I don’t know if roasted squash scones are a thing, but I had a butternut squash in the kitchen and any day is a good day for scones, so I whipped some up.
I cut up the squash and tossed the pieces with salt, pepper, a few shakes of cayenne and a bit of oil, then roasted it until it started to brown nicely. Tip: start with a big squash because when you taste the roasted squash you’ll want to have a wee bowl of it before making the scones. I know I did and it rocked.
It seems to me that scones are best made with buttermilk but I didn’t have any so I added some lemon juice to 3/4 cup of milk and let it sit for a while. That creates a potion that passes quite well for buttermilk (try it you’ll see).
While the squash cooled I started the dry ingredients. I used a couple cups of all purpose flour. I added a generous pinch of table salt. I knew I needed some baking powder but I wasn’t sure exactly how much so I made an executive decision and used a teaspoon. I didn’t know if I should use baking soda or not. I know that baking powder is baking soda + some acid. I also know that too much baking soda can leave an aftertaste if there is no acid in the mix, but I had lemon juice mixed in with my milk so I figured ok I’ll add a half teaspoon and see what happens. Now I was making savoury scones and I didn’t know if I should add any sugar or not, so I added about just a wee bit, maybe a teaspoon. I also added some fresh coarsely ground pepper to the mix.
I learned to make scones by chopping up very cold butter into little cubes and cutting it into the flour with one of those pastry cutting tools. However, somewhere along the way I learned a little trick. Freeze half a cup (a stick) of butter and grate it with a cheese grater. Add it to the flour about a third at a time and mush it around with your fingers until the whole deal has a grainy feel about it. Works great. I added my sorta-kinda-buttermilk and mixed it up, then added in my cooked squash. You might ask if you could boil the squash instead of roasting it and I would say you could do that if you wanted boring scones. Some people might prefer boring, I don’t know. Roasting is about a million times better.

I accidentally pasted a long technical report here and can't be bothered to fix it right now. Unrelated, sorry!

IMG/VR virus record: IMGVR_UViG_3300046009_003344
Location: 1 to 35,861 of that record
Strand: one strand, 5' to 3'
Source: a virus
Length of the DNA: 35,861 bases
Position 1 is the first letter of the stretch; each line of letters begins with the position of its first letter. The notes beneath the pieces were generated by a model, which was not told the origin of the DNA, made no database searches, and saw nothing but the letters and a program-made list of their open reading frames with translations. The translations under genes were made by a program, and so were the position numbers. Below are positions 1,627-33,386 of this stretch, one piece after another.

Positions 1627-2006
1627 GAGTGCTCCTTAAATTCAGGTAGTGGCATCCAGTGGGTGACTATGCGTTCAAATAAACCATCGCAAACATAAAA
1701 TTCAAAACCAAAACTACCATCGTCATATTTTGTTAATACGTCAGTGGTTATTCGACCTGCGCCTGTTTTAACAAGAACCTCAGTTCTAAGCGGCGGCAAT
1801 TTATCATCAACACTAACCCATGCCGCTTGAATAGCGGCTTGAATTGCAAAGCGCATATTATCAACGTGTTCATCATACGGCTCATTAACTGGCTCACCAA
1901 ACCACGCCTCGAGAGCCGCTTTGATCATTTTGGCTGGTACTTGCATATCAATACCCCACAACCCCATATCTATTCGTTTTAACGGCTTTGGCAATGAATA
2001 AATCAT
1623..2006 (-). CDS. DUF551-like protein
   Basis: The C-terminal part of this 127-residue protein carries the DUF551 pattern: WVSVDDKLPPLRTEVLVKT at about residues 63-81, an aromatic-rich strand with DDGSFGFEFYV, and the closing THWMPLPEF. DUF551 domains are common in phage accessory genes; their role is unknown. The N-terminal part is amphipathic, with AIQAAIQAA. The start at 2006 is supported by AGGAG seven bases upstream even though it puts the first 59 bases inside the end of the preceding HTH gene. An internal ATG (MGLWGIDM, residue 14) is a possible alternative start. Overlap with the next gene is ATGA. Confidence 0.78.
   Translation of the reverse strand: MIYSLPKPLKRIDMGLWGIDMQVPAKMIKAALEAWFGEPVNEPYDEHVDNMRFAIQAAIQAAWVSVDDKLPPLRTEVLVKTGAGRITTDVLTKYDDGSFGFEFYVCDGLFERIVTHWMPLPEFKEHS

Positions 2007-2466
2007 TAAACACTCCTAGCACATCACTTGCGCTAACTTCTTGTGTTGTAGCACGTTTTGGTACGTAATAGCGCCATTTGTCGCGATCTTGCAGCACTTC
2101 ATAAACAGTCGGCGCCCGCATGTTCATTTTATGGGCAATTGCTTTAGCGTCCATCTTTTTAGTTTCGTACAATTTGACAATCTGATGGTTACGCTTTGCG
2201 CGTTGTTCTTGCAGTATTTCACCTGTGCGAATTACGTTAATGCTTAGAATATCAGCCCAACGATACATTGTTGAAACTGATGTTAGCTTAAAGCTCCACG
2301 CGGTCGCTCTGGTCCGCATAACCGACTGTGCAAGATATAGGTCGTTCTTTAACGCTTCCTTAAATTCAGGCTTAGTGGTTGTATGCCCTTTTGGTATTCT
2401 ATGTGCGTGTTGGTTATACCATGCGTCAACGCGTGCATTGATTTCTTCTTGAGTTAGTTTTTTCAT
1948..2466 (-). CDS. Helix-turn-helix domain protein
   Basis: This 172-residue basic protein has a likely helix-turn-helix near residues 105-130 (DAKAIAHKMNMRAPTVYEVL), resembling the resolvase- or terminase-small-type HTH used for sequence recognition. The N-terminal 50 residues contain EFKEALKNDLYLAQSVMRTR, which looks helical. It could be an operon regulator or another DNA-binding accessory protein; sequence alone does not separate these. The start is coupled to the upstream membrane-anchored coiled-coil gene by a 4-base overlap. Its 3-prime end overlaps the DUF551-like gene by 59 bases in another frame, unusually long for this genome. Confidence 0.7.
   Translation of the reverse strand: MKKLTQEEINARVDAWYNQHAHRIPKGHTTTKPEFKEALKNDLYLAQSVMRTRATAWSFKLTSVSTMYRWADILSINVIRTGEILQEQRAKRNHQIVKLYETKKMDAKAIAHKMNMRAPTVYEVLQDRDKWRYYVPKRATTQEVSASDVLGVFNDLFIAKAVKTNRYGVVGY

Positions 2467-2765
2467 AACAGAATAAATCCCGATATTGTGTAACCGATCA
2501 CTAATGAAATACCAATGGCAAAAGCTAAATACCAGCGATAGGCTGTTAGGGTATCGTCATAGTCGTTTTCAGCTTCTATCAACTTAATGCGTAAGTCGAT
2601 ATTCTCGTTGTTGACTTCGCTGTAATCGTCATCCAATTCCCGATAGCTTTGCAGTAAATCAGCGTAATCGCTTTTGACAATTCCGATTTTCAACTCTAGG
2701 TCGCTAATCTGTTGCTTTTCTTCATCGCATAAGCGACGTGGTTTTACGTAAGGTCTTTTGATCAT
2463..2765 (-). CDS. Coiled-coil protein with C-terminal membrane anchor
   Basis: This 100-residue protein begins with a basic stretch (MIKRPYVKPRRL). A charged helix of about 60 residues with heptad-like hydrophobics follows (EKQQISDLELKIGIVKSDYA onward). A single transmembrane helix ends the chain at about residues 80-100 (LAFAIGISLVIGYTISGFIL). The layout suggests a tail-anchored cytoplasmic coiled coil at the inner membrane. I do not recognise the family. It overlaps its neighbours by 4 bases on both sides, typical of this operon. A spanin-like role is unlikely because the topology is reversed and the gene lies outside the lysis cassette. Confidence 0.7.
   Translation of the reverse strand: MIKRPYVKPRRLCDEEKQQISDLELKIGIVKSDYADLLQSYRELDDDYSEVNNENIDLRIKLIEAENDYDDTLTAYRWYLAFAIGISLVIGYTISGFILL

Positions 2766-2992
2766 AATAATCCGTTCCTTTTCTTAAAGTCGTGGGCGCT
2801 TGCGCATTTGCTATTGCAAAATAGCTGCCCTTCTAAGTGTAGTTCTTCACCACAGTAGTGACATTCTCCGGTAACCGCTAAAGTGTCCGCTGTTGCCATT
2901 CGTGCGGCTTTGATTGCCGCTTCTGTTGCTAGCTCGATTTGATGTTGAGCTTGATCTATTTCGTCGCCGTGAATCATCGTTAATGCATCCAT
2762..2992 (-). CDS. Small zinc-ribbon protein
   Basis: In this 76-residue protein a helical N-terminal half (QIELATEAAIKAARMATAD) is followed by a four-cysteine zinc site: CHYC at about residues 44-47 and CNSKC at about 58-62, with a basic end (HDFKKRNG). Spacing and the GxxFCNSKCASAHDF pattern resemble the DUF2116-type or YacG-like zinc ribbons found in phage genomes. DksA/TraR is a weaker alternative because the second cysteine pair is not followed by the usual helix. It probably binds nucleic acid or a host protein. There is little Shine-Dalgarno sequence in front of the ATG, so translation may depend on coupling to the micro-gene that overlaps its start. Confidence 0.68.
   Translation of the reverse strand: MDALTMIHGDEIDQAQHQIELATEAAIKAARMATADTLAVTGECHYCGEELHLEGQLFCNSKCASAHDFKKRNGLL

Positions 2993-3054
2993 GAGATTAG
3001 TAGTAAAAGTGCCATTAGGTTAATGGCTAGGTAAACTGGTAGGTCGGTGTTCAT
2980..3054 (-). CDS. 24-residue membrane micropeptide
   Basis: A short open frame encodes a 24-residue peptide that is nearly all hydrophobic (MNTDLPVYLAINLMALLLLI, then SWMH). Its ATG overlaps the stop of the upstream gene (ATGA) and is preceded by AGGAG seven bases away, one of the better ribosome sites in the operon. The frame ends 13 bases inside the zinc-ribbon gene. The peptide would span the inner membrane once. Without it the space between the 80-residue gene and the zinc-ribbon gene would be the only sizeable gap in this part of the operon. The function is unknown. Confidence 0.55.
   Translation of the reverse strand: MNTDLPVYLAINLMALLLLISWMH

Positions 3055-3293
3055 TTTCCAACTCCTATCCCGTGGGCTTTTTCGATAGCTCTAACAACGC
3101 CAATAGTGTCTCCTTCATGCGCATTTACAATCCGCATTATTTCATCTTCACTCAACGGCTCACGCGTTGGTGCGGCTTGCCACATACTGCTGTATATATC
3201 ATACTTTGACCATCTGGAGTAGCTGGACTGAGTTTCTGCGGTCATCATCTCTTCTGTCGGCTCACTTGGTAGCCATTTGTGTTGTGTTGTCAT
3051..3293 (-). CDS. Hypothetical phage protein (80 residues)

I mushed everything together quickly, then placed the blob of scone dough on a floured cutting board. I suppose I should have rolled it out but I didn’t. I flattened it with my hand, cut it in half, put one half on top of the other and flattened it again. Then I cut the edges off with a scraper, put them on back on top and flattened it again. With my scraper I cut the dough into 8 squares and turned the squares into 16 triangles, and placed them on a piece of parchment on a cookie sheet and in the oven at 375F. If you are way more fancy-pants than me, you might use a cutter to get identical perfect shapes instead of making crude triangles, but I like crude triangles. I heard a recording of U. Utah Phillips (the Golden Voice of the Great Southwest) once on which he said, “I prefer a rude vigour to a polished banality”. Har! I baked my scones until they started browning on top and looked spectacular, about 18 minutes.